So with the new novel a far greater level of planning is involved. So I have fussed more, working out how my many narrators interact, and the different plot threads, theme threads, needle and threads connect up or work together. I also needed to do a ton of research on the late sixties in America and Vietnam and early noughts in the UK.

But research is not just stuff like ‘When were the moon landings?’, ‘Could someone have eaten KFC in 1969?’, or ‘Was 9/11 on a Friday?’. It was also things like seeing how other writers had handled similar themes, settings, or formal approaches. That lead to one of my favourite things: reading lists (click to see mine here).

The prep period was – or rather ‘is’ as the whole business continues even as I write the darn thing – also a time of just mulling. After reading stuff, I have to think stuff, then scribble the stuff down before I forget it. I suspect that in a lifetime everyone has the ideas for a great work of art; but because your brain – like mine, and like Soylent Green – is made of people those ideas are lost the minute attention is diverted. This is why writers should always carry notebooks. Always. Just like I would if I didn’t constantly forget them. Also pens, carry pens.

The notes, when they do get writ, are rarely original. They’re more likely to be triggered by some fact (For example, have you heard of Operation Wandering Soul?) but also things I watch or read. Sometimes it’s a case of ‘I have seen X done before, how could it be done in a fresh as fresh new way?’ or something more along the lines of ‘Y is great, what is the next logical step to that?’ or sometimes just, ‘Z is great. Let’s do Z, but in space.’ The old saying about ‘bad artists borrow, great artists steal’ applies.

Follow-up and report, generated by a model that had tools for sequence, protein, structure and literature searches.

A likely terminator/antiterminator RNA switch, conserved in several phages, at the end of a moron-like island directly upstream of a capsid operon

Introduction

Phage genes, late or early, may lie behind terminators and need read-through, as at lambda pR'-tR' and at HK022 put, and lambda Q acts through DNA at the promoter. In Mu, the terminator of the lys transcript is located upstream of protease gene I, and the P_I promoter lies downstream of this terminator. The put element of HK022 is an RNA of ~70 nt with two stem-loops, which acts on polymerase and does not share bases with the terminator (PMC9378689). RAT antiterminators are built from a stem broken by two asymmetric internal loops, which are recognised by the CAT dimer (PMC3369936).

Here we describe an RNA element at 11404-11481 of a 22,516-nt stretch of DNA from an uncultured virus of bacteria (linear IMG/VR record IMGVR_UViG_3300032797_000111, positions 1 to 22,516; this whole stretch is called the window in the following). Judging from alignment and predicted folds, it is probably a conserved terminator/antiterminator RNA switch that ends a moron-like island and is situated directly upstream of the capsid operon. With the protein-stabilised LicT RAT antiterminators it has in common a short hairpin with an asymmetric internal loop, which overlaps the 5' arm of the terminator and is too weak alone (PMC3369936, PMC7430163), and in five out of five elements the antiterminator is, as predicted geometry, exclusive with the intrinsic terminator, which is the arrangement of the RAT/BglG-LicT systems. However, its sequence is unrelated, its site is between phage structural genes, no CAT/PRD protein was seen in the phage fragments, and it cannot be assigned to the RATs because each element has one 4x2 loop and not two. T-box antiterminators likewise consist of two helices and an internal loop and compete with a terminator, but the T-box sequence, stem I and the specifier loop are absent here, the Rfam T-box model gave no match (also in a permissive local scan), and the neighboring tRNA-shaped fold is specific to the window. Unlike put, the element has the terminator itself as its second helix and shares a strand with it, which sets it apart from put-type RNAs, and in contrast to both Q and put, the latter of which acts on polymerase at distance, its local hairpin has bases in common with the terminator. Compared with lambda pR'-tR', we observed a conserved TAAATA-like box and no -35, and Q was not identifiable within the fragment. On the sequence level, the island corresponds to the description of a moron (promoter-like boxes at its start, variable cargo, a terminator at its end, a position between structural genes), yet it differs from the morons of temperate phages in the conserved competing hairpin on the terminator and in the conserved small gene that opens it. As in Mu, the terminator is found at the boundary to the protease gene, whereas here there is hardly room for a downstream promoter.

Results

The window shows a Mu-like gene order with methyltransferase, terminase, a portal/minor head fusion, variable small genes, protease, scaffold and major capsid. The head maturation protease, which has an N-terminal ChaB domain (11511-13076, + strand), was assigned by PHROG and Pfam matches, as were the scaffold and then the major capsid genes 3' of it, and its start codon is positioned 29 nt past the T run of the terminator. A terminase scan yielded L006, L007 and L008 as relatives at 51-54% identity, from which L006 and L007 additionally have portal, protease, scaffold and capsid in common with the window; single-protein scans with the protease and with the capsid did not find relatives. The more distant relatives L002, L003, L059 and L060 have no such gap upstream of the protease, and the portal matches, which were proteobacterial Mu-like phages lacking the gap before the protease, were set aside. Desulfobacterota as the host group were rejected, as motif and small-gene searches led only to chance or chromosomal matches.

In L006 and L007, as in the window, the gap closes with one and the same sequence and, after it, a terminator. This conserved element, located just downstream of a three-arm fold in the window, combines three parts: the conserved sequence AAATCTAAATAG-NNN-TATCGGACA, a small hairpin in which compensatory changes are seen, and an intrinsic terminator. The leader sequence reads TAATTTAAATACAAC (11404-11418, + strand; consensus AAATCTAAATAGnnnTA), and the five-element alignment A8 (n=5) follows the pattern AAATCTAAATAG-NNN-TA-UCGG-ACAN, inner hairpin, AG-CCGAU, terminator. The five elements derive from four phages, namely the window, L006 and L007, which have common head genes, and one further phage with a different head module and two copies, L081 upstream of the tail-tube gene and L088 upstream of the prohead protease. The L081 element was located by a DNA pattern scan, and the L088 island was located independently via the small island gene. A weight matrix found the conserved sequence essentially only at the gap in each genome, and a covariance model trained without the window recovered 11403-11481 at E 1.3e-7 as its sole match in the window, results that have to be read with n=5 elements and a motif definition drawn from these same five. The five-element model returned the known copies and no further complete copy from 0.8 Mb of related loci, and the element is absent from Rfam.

Step 2– Outlining

At some point the miasm of notes, thoughts, ideas, sexual fantasies, &c… begin to condense into a sticky dew. At which point a more analytical sort of brain steps in and starts to order the fragmented notes (and images and sentences and plot lines and characters and trivia) into something that might, if you squint, start to look like a blueprint for a piece of art.

With this novel I broke the whole thing down vertically into columns which represent the chronology of the book, and horizontally into rows threads which represent various elements: in this book there are several time periods running concurrently, and different narrators for each. Then I add another row for thematic development and another for general notes.

Once I had a sort of map sorted in my head and on paper, I moved on to to a planning document, referring to the table I drop the notes into a rough sort of order, hen jot down specific scenes.

As I go along the planning document changes; I write from start to finish so I have detailed notes of the next few chapters, then less detailed notes for the chapters after that, and vague sentences outlining the sections beyond that; the further away the sentences are from being written, the vaguer those sentences.

Step 3– Drafting

I then set up another document to act as a workspace, notes are transferred here scene by scene. Sentences are jotted down, paragraphs too. Bit by bit they get linked up into scenes or sequences, and finally chapters.

As a section takes shape I go over it again and again filling in the gaps and correcting the more heinous incidences of cliche and general ugliness. Once it looks roughly right, it goes into the first draft document which will eventually contain the entire work in progress.

So far the first draft doc contains the thirteen chapters of section 1.

Step 3.1 – Words